Burundi army General Godefroid Niyombare has claimed he has ousted President Pierre Nkurunziza who was seeking a third term in office. But it's unclear who holds power, says analyst Yolanda Bouka.
Major-General Godefroid Niyombare, who was fired by President Pierre Nkurunziza as intelligence chief in February, said he had dismissed Nkurunziza for seeking an unconstitutional third term in office. The coup announcement was made just hours after Nkurunziza departed to Tanzania for a regional summit called to resolve the crisis.
DW: There have been claims of a coup by General Niyombare and counter claims by the Burundian presidency that no such thing has happened. Where does that leave Burundi?
Yolanda Bouka: We still have to confirm the extent to which Niyombare has support among the army. He is somebody who is highly respected in the military establishment, so support is not surprising. Trying to detangle the webs of information and disinformation at this time is quite a challenge.
We spoke to one of our correspondents in Bujumbura and he said the army general made the announcement at a private radio station and not the national state broadcaster. How credible can his claim be?
That's a very good question. I think we often expect such announcements to be made at major radio stations, particularly where there's a government-sponsored radio station. We'd want it to happen there in order to legitimize those claims.
However, the fact that we have multiple reports that the RPA, which is a radio station associated with civil society and the opposition, which has been closed for over a week and a half, has started airing again, [and] the fact that a lot of the prisoners that had been taken by the police under the orders of the CNDD-FDD have been released indicate there's definitely a shift of power.
The extent to which the people who are organizing the coup have been able to completely control the city and the country, however, remains to be seen. The next few hours and days will be very telling.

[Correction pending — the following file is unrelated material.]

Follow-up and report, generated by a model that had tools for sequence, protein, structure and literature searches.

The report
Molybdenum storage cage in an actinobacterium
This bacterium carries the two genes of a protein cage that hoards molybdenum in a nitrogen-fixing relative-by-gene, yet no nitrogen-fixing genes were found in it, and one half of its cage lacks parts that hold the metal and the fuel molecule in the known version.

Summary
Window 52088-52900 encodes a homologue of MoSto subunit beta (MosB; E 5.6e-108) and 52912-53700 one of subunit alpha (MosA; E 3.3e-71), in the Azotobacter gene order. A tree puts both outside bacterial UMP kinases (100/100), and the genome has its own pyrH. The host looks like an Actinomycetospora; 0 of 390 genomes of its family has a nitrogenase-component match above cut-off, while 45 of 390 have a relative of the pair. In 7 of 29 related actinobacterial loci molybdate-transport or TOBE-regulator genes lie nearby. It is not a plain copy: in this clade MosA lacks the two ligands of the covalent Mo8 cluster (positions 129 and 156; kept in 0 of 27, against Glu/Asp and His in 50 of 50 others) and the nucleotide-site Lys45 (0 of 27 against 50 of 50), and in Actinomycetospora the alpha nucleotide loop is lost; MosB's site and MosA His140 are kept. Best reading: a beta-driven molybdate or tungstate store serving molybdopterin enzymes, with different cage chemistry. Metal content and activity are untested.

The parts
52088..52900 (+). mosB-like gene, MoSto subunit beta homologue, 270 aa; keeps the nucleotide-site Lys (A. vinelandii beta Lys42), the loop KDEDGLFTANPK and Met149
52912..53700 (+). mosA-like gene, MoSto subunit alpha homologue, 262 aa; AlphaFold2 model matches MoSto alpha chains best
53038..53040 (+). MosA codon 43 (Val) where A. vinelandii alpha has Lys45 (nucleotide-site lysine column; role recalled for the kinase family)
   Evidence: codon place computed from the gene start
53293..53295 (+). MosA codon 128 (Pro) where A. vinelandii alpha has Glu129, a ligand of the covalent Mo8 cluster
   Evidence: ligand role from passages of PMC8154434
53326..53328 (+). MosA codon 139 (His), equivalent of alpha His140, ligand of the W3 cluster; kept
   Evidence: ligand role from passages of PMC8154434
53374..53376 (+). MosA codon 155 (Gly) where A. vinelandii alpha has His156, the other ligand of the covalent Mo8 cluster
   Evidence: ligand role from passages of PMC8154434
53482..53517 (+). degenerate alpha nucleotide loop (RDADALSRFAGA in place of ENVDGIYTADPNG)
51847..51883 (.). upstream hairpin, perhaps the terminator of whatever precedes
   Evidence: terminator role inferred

Nkurunziza's political supporters are mainly concentrated outside the capital Bujumbura - how do you see them reacting?
I think it's going to be a very tense next few days. We have to see if within the military institutions there are divisions. Is this something that was done with the majority of the military or is there a small group that [is] still tremendously loyal? And to what extent did the coup plotters cover their bases by then trying to neutralize potential opponents within the military?
If potential loyalists to Nkurunziza have been neutralized, I think there's a possibility that some of his supporters may just have to go with the flow. But I doubt that this will go down without a fight. So we can expect in the hours or days to come to possibly see a robust resistance to the coup attempt.
If indeed a coup has taken place, what options does President Nkurunziza have?
He doesn't have many options. If he's able to secure enough support, he can try to come back to the country, but as we speak, this is quite challenging. If we have a feeling that most of the main points of the country are under the control of coup plotters, it may not be safe for him to return to Burundi.
We've seen other presidents being ousted in the last few years. The case of [Burkina Faso's Blaise] Compaore is one of them. He had to seek refuge somewhere else. So if he's not able to secure the support of the people inside the country, I'm afraid this might be a done deal for him.
The president was in Tanzania for a summit that was hoping to resolve the crisis in Burundi. Does this summit now have any relevance?
Well, according to the Ministry of Foreign Affairs of Kenya, they will reconvene to address the situation. I don't think the coup - or the coup attempt - changes the fact that there are security concerns related to the situation in Burundi.
You still have tens of thousands of refugees spread across the DRC, Rwanda, Tanzania, and a way has to be found to bring them back. You still have to figure out how you are going to transfer political power to a civilian government and then put together a framework under which elections can take place. So instability and tensions are not quite over. And given the fact that President Nkurunziza still has supporters in Burundi, there is still a need for the East African Community to stay apprised and involved in the process in order for the region to be stabilized.
Yolanda Bouka is an analyst on Burundi at the Institute for Security Studies in Nairobi.
Interview: Chrispin Mwakideu